The Mitsubishi A6M Zero was a lightweight fighter aircraft operated by the Imperial Japanese Navy Air Service (IJNAS) from 1940 to 1945. The origin of its official designation was that "A" signified a fighter and "6" for the sixth model built by Mitsubishi ("M"). The A6M was usually referred to by the Allies as the "Zero"—a name that was frequently misapplied to other Japanese fighters, such as the Nakajima Ki-43—as well as other codenames and nicknames, including "Zeke", "Hamp" and "Hap".
Its history mirrored that of the Empire of Japan in World War II. When it was introduced, the Zero was the best carrier-based fighter in the world and it was greatly feared by Allied pilots. The IJNAS also frequently used the type as a land-based fighter. A combination of excellent maneuverability and very long range made it one of the finest fighters of its era. In early combat operations, the Zero gained a legendary reputation, outclassing its contemporaries. Later, design weaknesses and the increasing scarcity of more powerful aircraft engines meant that the Zero became less effective against newer fighters. By 1942, due to the evolution of new tactics and techniques, Allied pilots were able to engage the Zero on more equal terms. By 1943, American and British manufacturers were producing fighters with greater firepower, armor, and speed, and approaching the Zero's maneuverability. The Mitsubishi A6M was outdated by 1944, but remained in production. During the final years of the War in the Pacific, the Zero was utilized in kamikaze operations.
The Mitsubishi A5M fighter was just starting to enter service in early 1937 when the Imperial Japanese Navy started looking for its eventual replacement. In May they issued specification 12-Shi for a new aircraft carrier-based fighter, sending it to Nakajima and Mitsubishi. Both firms started preliminary design work while they awaited more definitive requirements to be handed over in a few months.
Based on the experiences of the A5M in China, the Navy sent out updated requirements in October. The new requirements called for a speed of 500 km/h at 4000 m and a climb to 3000 m in 3.5 min. They needed an endurance of two hours at normal power, or six to eight hours at economical cruising speed (both with drop tanks). Armament was to consist of two 20 mm cannon and two 7.7 mm machine guns and two 30 kg or 60 kg bombs. A complete radio set was to be mounted in all airplanes, along with a radio direction finder for long-range navigation. The maneuverability was to be at least equal to that of the A5M, while the wing span had to be less than 12 m to fit on the carriers.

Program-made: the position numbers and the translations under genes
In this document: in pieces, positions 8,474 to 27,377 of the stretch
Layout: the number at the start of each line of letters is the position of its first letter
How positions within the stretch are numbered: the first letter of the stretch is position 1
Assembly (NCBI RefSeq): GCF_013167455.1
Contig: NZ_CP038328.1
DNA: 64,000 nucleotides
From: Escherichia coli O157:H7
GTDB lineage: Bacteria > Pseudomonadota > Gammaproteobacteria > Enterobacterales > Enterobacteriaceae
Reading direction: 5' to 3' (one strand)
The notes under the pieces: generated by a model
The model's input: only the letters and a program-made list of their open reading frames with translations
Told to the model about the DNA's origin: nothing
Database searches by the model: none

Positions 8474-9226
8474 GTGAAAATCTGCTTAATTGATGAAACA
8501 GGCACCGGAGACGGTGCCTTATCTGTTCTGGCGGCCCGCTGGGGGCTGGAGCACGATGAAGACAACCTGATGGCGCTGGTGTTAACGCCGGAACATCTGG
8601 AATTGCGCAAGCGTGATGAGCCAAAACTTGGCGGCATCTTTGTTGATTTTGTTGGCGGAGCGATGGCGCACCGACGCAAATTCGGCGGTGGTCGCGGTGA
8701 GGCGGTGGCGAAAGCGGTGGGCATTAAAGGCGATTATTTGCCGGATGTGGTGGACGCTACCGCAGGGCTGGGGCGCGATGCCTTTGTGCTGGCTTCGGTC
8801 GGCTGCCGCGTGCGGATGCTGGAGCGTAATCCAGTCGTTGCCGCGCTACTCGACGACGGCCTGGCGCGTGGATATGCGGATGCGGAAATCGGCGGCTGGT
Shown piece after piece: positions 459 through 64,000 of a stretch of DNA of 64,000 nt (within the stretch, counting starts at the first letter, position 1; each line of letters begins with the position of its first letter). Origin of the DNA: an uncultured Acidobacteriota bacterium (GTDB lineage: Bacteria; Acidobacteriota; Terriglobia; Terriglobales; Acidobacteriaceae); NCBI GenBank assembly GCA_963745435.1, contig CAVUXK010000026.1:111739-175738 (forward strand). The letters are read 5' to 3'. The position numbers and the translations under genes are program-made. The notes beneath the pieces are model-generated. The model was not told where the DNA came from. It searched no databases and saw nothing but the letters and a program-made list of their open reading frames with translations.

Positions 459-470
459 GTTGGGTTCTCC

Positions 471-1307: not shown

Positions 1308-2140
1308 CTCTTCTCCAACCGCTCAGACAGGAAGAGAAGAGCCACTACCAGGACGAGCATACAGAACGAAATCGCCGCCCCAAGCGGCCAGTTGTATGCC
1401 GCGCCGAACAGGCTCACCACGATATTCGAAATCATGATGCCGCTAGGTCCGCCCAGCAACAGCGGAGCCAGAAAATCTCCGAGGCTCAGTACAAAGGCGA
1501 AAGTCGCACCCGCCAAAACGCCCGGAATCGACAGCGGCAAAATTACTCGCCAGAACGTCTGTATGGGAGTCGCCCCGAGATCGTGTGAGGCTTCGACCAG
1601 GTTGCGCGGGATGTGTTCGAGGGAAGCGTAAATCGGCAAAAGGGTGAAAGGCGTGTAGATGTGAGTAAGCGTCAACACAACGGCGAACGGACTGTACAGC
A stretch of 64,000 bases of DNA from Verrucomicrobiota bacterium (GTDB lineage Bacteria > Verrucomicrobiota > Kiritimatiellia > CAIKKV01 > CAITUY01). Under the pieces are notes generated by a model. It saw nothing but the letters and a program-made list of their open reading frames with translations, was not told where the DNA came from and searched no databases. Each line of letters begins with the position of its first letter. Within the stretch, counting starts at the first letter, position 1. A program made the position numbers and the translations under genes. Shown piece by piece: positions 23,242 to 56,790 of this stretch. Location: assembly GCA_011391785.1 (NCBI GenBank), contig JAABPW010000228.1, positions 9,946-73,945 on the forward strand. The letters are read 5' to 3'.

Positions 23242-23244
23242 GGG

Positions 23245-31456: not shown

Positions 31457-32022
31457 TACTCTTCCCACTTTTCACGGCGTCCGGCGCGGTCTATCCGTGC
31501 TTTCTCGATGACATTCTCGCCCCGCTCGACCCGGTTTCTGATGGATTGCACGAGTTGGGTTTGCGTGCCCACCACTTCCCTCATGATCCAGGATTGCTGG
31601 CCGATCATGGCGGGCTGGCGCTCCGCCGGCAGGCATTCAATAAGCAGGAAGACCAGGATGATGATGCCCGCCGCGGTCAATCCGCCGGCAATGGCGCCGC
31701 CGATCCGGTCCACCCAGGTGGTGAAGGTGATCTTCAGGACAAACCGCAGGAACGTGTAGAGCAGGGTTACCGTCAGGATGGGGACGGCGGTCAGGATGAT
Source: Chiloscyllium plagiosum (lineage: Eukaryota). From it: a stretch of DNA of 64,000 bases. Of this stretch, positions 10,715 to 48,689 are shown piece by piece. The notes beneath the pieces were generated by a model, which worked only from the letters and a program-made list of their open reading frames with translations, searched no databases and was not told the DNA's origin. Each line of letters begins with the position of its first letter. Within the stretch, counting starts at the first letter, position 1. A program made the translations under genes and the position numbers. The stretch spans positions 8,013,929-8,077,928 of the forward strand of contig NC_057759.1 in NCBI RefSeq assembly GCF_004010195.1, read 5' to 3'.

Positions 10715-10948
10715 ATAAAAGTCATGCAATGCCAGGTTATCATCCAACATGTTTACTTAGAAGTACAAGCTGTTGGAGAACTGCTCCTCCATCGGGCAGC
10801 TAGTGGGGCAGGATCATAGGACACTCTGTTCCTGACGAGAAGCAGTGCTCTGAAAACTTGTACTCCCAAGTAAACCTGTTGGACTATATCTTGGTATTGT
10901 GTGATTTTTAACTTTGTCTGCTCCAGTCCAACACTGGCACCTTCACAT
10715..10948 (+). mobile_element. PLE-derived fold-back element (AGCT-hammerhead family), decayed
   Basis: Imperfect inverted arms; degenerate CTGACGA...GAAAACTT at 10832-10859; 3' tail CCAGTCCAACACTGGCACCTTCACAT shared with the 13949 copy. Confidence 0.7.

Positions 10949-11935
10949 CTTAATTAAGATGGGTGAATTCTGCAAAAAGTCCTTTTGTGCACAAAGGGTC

Nakajima's team thought the new requirements were impossible to achieve and pulled out of the competition in January. Mitsubishi's chief designer, Jiro Horikoshi, felt that the requirements could be met, but only if the aircraft could be made as light as possible. Every weight-saving method was used. Most of the airplane was built of T-7178 aluminum, a top-secret aluminum alloy developed by the Japanese just for this aircraft. It was lighter and stronger than the normal aluminum used at the time, but more brittle. In addition, no armor was carried for the pilot, engine or other critical points of the aircraft, and the self-sealing fuel tanks that were becoming common at the time were also left off. This made the Zero lighter and more agile than most other aircraft at the start of the war, but that also made it prone to catching fire and exploding when struck by enemy rounds.
With its low-wing cantilever monoplane layout, retractable wide-set landing gear and enclosed cockpit, the design was not only much more modern than any the Navy had used in the past, it was one of the most modern in the world. The Zero had a fairly high-lift, low-speed wing with a very low wing loading; combined with the light weight this gave it a very low stalling speed of well below 60 knots. This is the reason for the phenomenal turning ability of the airplane, allowing it to turn more sharply than any Allied fighter of the time. Roll rate is enhanced by servo tabs on the ailerons which deflect opposite to the ailerons and make the control force much lighter. The disadvantage is that they reduce the maximum roll effect at full travel. At 160 mph (260 km/h) the A6M2 had a roll rate of 56 degrees per second. Because of wing flexibility, roll effectiveness dropped to near zero at about 300 mph indicated airspeed.
The official Allied code name was Zeke in keeping with the practice of giving boys' names to Japanese fighters, girls' names to bombers, bird names to gliders and tree names to trainers. The reason for choosing Zeke as a code name for the Mitsubishi A6M is uncertain. When in 1942 the Allied code for Japanese planes was introduced Zeke may have been thought an appropriate choice. Later two variants of the fighter, not immediately identified as such, received their own code names: the A6M2-N (floatplane version of the Zero) was called Rufe and the A6M3-32 variant was called Hamp.